mRNA manufacturing facility will deliver long term health benefits for Australians
14 December 2021: Medicines Australia welcomes the announcement that Australia will manufacture mRNA vaccines in a deal struck with Moderna today.
The manufacturing facility is expected to open in Victoria in 2024 pending regulatory and planning approvals. Once operational, the facility will have the capacity to produce 100 million mRNA COVID-19 vaccines each year and contribute to future pandemic preparedness.
“This is a major milestone for all Australians as we continue to fight COVID-19. It is also an enormous health opportunity for our country and will mean Australia can develop new, innovative vaccines and potentially new therapeutics that can meet the future needs of Australian patients,” said Liz de Somer, CEO of Medicines Australia.
Liz de Somer spoke about Australia’s extraordinary R&D capabilities and the flow-on effects the manufacturing facility will have in creating job opportunities, increasing R&D capabilities and timely access to medicines, therapeutics and vaccines for Australians.
“Domestic manufacturing can translate innovative research into real, long-term health and economic outcomes for Australians. The mRNA manufacturing facility will add to our high-quality medical research infrastructure and grow our skilled workforce of scientists and healthcare professionals,” she said.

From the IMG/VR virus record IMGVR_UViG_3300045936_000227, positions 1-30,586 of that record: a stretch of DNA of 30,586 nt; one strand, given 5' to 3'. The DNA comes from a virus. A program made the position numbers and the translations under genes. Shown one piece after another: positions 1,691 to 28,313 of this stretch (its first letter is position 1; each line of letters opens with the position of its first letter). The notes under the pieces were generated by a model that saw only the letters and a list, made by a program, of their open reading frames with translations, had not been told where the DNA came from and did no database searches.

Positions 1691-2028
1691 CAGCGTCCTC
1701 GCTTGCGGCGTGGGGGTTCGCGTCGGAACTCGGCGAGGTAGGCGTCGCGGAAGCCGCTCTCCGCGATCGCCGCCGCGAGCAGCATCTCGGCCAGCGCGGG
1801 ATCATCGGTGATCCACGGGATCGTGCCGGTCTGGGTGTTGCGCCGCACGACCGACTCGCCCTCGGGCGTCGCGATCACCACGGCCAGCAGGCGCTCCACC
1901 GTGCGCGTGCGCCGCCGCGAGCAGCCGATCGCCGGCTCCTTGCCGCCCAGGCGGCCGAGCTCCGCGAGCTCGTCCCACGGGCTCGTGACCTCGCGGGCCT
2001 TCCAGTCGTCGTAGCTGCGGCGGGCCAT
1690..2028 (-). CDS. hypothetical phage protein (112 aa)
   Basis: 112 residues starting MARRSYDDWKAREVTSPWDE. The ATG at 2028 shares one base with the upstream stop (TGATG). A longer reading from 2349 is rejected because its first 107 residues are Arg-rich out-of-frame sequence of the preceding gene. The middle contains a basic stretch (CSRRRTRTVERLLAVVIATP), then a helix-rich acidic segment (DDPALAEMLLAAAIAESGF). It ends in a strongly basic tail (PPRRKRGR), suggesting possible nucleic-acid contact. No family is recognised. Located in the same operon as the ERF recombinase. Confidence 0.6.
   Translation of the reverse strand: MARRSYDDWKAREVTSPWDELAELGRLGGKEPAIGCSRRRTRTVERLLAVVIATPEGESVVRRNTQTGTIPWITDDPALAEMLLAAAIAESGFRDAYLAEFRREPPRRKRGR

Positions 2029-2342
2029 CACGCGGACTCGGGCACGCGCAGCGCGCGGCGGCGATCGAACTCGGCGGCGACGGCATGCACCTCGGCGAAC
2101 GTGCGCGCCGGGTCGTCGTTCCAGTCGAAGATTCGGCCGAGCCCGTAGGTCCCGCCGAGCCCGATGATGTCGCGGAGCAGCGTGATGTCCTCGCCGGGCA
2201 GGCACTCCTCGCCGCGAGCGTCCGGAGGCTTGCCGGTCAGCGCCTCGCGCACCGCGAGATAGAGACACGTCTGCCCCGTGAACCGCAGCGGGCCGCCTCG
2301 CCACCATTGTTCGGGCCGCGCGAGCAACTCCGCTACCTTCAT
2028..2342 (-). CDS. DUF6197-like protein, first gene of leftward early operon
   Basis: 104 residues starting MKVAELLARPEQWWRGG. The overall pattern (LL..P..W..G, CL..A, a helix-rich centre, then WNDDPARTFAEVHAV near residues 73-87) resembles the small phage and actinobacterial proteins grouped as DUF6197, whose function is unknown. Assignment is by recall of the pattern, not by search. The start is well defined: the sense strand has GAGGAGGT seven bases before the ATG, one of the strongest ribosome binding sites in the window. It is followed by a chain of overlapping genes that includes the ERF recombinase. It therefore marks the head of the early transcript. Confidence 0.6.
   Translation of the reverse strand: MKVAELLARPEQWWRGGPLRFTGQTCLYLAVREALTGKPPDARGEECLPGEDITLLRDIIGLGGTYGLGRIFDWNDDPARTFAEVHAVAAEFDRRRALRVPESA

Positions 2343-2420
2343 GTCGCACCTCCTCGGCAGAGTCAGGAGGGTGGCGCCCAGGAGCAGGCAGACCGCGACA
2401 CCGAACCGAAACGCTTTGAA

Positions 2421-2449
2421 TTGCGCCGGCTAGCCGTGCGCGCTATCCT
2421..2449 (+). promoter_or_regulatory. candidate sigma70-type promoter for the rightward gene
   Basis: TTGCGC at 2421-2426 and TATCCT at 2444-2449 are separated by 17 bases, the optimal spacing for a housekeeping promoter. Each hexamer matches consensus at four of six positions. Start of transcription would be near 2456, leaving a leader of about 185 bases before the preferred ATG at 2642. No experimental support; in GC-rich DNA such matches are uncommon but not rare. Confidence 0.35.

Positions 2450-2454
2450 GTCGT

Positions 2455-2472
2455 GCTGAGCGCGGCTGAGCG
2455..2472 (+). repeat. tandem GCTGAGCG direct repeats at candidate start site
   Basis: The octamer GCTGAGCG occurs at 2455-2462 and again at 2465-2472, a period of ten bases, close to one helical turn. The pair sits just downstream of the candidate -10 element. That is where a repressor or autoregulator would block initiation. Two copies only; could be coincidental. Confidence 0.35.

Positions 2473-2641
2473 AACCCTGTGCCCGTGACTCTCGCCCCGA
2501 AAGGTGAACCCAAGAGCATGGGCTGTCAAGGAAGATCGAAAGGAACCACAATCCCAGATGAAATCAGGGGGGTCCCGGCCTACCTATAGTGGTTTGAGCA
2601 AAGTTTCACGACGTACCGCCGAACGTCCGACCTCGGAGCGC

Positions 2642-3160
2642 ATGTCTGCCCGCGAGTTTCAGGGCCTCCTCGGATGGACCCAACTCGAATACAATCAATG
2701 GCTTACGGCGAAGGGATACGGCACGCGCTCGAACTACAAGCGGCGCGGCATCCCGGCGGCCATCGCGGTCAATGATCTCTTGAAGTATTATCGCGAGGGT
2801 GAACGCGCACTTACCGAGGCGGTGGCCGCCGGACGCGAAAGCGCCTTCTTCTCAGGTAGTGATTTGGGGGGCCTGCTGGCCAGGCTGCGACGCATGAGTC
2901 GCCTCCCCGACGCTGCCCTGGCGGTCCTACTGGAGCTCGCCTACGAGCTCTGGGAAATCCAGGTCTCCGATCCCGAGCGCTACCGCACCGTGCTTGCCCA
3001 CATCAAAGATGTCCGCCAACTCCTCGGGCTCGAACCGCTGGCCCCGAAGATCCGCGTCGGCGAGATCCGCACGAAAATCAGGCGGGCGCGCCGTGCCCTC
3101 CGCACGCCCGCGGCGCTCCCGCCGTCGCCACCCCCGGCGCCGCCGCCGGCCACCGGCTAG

Ahead of the announcement, Medicines Australia called for a national approach for mRNA manufacturing at the Senate inquiry into Australia’s manufacturing industry.
Medicines Australia is pleased to see the Federal Government working together with the States and Territories on such an important initiative which will benefit all Australians. The innovative biopharmaceutical industry looks forward to building on this in the coming years to increase Australia’s advanced manufacturing capabilities and boost the competitiveness of our life sciences ecosystem.
“In order to continue to grow our sovereign biopharmaceutical capacity and capability and to compete globally, we must improve the coordination, consistency and collaboration across Australia to drive greater social, health and economic benefits to ensure no Australian patient is left behind,” concluded Ms de Somer.
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